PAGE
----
Google, Facebook and Dr Peng are on a boat. But US President Donald Trump and his trade dispute with China have been there, and the project of the two American giants and the Chinese telecom operator is taking water. The American administration asked the Federal Communications Commission (FCC, the telecom gendarme) on Wednesday June 17 to stop the construction of the first submarine internet cable connecting the United States directly to Hong Kong, for reasons of "national security".

More specifically, the "Team Telecom" - the committee of advisers to the American president on telecommunications issues - wants this megaproject under construction for four years to link Los Angeles with Taiwan, and the Philippines but out of the question that the least terabyte of Internet is poured directly into Hong Kong thanks to a cable partly "made in the USA".

A 13,000 km submerged cable

The committee is concerned that the Chinese authorities may have access to the data that would pass through this cable. The political and social crisis which shakes the semi-autonomous territory would demonstrate the will of Beijing to put this city in step in order to exercise all its authority there. The American data landing on the Hong Kong coasts would then no longer be "sheltered from the continuous efforts of the Chinese government to obtain personal information concerning millions of Americans", notes the press release from "Team Telecom".

It was a blow to Google and Facebook who saw this cable, dubbed the Pacific Light Cable Network, as an important part of their strategy to conquer Asia. Launched in 2016, this almost 13,000 km underwater project aims to complete the network of three other submerged internet cables that link, more or less directly, the American west coast to mainland China. About 8,000 km of cables have already been laid for the construction of this project.

In addition to the fact that it would have been the first to offer a direct link with Hong Kong, this new tube filled with optical fibers would have greatly increased the bandwidth available to Google and Facebook to offer their services to the Asian continent. The Pacific Light Cable Network must allow up to 120 terabytes of data to be transported simultaneously, which would make it possible "to conduct 80 million high-definition videoconferences between Los Angeles and Hong Kong in parallel," said Google in a statement. 2016 detailing the ambition of this project.

Dr. Peng, the Beijing Trojan horse?

But the project, which is estimated to cost around $ 300 million according to the Wall Street Journal, ended up in the crosshairs of the Trump administration as relations between China and the United States deteriorated. In Washington, the hawks of Chinese politics began to take a closer look at it in 2017, when the Chinese group Dr Peng burst into the organization chart of the site. That year, this telecommunications giant, unknown in the West, bought the Hong Kong company Pacific Light Data Communication, which is the main Asian partner of the project.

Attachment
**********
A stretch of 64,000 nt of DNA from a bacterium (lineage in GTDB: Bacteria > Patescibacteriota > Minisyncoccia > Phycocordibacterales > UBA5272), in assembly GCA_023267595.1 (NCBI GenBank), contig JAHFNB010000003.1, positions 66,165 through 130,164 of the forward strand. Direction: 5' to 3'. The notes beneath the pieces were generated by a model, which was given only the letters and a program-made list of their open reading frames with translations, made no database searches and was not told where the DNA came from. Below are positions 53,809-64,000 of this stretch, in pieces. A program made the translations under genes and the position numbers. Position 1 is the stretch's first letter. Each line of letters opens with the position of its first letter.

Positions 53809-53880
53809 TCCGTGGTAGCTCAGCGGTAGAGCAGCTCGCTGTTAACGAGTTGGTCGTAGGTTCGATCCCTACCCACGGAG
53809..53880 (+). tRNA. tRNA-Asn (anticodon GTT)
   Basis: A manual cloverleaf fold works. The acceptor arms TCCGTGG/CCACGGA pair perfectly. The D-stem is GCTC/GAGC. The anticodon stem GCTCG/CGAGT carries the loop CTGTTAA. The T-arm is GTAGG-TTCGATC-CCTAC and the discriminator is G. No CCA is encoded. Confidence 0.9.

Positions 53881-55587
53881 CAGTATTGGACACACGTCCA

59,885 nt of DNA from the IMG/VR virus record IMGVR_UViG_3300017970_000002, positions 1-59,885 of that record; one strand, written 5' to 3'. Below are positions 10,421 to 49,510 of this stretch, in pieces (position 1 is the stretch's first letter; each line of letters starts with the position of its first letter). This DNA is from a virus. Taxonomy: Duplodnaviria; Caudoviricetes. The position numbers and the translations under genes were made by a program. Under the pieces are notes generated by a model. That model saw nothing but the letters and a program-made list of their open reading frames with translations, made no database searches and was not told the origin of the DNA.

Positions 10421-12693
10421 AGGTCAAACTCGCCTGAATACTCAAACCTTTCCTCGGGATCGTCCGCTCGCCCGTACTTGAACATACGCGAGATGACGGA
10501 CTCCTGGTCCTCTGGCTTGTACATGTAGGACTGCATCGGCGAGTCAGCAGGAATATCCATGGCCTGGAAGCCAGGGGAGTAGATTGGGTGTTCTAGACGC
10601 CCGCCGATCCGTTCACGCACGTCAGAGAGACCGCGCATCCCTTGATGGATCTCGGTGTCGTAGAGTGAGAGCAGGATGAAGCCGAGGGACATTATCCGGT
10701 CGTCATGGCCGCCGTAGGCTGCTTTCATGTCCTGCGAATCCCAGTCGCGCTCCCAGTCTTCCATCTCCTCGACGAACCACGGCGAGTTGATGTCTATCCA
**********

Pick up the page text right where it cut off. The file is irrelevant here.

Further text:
This change in ownership has raised fears that the Chinese regime will use Dr Peng as a Trojan horse to get hold of the precious data passing through the giant submarine cable. In October 2019, the United States Department of Justice officially expressed doubts about the advisability of continuing this project because of the involvement of Dr. Peng.

In appearance, however, this telecom operator is not a new Huawei, this computer juggernaut that scares Washington so much because of its supposed links with the Chinese army. Dr Peng is a private conglomerate which has been involved in the Pacific Light Cable Network project in order to no longer depend as heavily on revenues from Internet subscriptions. Indeed, it suffers in this sector from the competition of public behemoths China Telecom, China Mobile and China Unicorn, details an article in the Chinese financial magazine Caixin Global.

Dr Peng and Mister Huawei?

But as often in China, it is possible to find links with the State by digging around a bit. US authorities may have been worried about the close relationship between Dr Peng and Huawei. The telecom operator has in fact described itself as a "privileged partner" since 2016 of the Chinese giant hated by the American administration. The two groups work together in the field of artificial intelligence and the development of 5G telephone networks.

Yang Xueping, CEO of Dr. Peng, is no stranger to the mysteries of power. Before taking the reins of the telecom operator, he spent part of his career in the administration of the very rich region of Shenzen. But his biography on Dr Peng's website simply indicates that he was "employed" there, casting doubt on the exact nature of his post. 

More serious, perhaps, in the eyes of Washington: the group has proven in the past that it was ready to put its technological know-how to the benefit of the most controversial projects of the Chinese authorities. Thus, Dr Peng set up a video surveillance network for the Beijing police, recalls the Wall Street Journal.

All these are not indisputable evidence that Dr. Peng will transform the Pacific Light Cable into a weapon of massive cyber espionage if the cable reaches Hong Kong. But the misadventures of this gigantic project illustrate the importance for Donald Trump of maintaining economic and political pressure on China. He is ready to take action on the basis of indirect evidence of collusion between the Chinese regime and a private group, even though the sanction risks economically harming Google and Facebook, two of the most important American groups.

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